The majority of victims have been online shopping sites, gaming sites, stock exchanges, and banks. Motivation ranges from extortion, stock market manipulation, competitive advantage and even something as simple as GPA within a university setting. Most DoS attacks are either layer 3 network floods, or layer 7 application attacks exploiting app limitation (such as web servers). Hacktivism has driven DDoS into the mainstream, along with hacktivist tools such as Low Orbit Ion Cannon (LOIC), but realistically, the majority of targets are the focus of cyber-criminals focusing on banks, stocks, and state actors, for example.

Additionally, many firms are turning to specialist services, such as Tata Communications and Verisign (which leverages a DNS swing and scrubbing centers), or Prolexic which uses DNS and BGP to attack traffic to the cloud and operates upstream of the ISP. They tend to filter out the spoofed IP addresses, as well as leverage an IP reputation service to prevent DDoS from occurring in advance.

The cloud can also mitigate DDoS by scrubbing Gbps of data with the reduced cost of not having CPE and acquiring bandwidth and SMEs, unfortunately it can also be leveraged as a force multiplier [9].

There is no 100% way to protect against a DDoS attack therefore understanding the current business model for your organization and implementing a multi-tiered approach will be of value. However, nothing replaces well-configured firewalls and IPS devices. By the time it gets to this stage, it is usually too late, so pushing solutions upstream (i.e. to ISPs) tend to work better. ISPs can leverage core routers so attacks cannot get beyond the routers without getting dropped.


The following section outlines pre-attack preparations for an organization for both technical and non-technical roles.

A. Technology Department Role and Responsibility It is vital to document the organization’s IT infrastructure in detail. This information should be protected (encrypted) and readily accessible from internal and external points of entry. Information includes:

  • Stakeholders and owners
  • IP addresses and circuit IDs
  • An accurate network topology and an asset inventory

Communication with the Internet Service Provider is very critical to understand the DDoS mitigation services offered (including their capability to scrub anomalous and malicious traffic) and the process that should be followed should an attack occur.

Next, attention should be turned to points of entry. Ensure the organization reduces the attack scope by avoiding single entry ISP solutions. This includes avoiding hosting multiple public Internet-accessible services and resources (e.g. DNS, HTTP and HTTPS (web services), remote-access VPN, and e-mail) on the same Internet point of entry. Hosting multiple services and resources on the same Internet point of presence allows DDoS traffic to potentially impact all the Internet-accessible services and resources. Separation of these services this will position the response team for accuracy, efficiency and effectiveness.

It is also important to ensure all internal services and resources used by internal corporate users and applications are maintained separately so they are not impacted if an internet-accessible service or resource is affected by a DDoS attack. Examples include: • Internal email servers that would not be impacted by publicly facing SMTP transport services allowing employees to communicate internally regardless of outside SMTP impact. • VOIP services should also be reviewed and risk assessed. • VPN entry if the security team is remote and needs access to updated documents and systems.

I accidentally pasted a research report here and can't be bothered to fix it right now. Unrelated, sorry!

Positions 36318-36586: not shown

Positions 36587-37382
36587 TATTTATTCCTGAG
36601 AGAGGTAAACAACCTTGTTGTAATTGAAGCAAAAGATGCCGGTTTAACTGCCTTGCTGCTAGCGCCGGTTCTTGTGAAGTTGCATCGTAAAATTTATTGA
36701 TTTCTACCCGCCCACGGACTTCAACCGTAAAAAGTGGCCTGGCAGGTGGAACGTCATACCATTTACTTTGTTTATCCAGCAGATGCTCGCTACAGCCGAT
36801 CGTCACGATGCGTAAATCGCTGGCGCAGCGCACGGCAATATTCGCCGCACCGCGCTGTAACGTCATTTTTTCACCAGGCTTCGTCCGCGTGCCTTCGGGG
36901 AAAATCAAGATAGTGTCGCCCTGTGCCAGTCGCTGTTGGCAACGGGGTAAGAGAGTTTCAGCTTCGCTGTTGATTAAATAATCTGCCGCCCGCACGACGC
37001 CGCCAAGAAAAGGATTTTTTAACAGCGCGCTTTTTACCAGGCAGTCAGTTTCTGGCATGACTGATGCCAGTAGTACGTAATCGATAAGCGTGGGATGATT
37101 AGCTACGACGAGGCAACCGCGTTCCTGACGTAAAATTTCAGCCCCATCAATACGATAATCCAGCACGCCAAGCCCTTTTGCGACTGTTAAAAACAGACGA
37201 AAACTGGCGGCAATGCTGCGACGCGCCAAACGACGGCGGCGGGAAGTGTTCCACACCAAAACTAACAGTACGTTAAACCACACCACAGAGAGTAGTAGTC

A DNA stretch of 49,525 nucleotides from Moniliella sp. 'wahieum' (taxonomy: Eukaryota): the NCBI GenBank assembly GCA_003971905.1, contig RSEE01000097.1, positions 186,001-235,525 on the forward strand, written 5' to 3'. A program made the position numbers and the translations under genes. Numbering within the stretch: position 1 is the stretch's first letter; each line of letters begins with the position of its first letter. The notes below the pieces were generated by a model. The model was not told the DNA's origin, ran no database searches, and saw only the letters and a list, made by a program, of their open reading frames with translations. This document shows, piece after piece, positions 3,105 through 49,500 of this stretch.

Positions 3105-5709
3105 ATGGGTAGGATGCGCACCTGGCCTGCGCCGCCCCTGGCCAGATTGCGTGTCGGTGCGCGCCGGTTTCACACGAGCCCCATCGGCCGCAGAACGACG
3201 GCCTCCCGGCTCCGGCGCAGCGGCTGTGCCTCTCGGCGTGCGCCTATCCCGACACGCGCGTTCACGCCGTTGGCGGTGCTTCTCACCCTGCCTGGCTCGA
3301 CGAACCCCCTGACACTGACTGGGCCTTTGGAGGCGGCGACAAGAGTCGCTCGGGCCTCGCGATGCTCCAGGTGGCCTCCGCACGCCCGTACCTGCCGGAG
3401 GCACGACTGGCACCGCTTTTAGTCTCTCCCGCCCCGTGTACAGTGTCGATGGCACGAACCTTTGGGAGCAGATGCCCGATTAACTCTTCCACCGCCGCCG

If applicable, know how to setup teleconference bridges for use during an incident. This is not necessary for every company but worthy to mention here should VOIP (voice over IP) services be utilized.

If it has not already done, it will be important to baseline the performance of the network internally. This will allow the incident response team to quickly identify the attack accurately and with greater response time. The data center, ISP or cloud service provide may be able to assist with this prior to an attack.

Also, identify mission critical services that must be functional during a potential attack, and assign a priority rating to each. In addition, make sure the services and assets are properly identified during this stage to tag what, if any, hardware can be powered down or even blocked in order to limit the impact. This ties closely into the documentation stage as well, so it is important to keep this information and infrastructure details in close proximity.

Depending on the size of the organization, it is encouraged that an approved list be created that would include: • Source IPs and protocols that should be considered “green”. • Important customers, critical business partners and remote offices.

This is very important if the DDoS attack is extreme and it is necessary to lock down the circuit quickly, then widen the “gateway” as protection and filtering are scaled in response. Of course, a warm or hot disaster recovery for a company may be appropriate depending on its size of the organization and the upper management support for this expensive mitigation option. This is a “hard sell” if management does not already support the concept, but worth consideration.

If online services are offered, it is recommend that a secondary system location for handling orders be available to keep the business running should an attack continue longer than expected.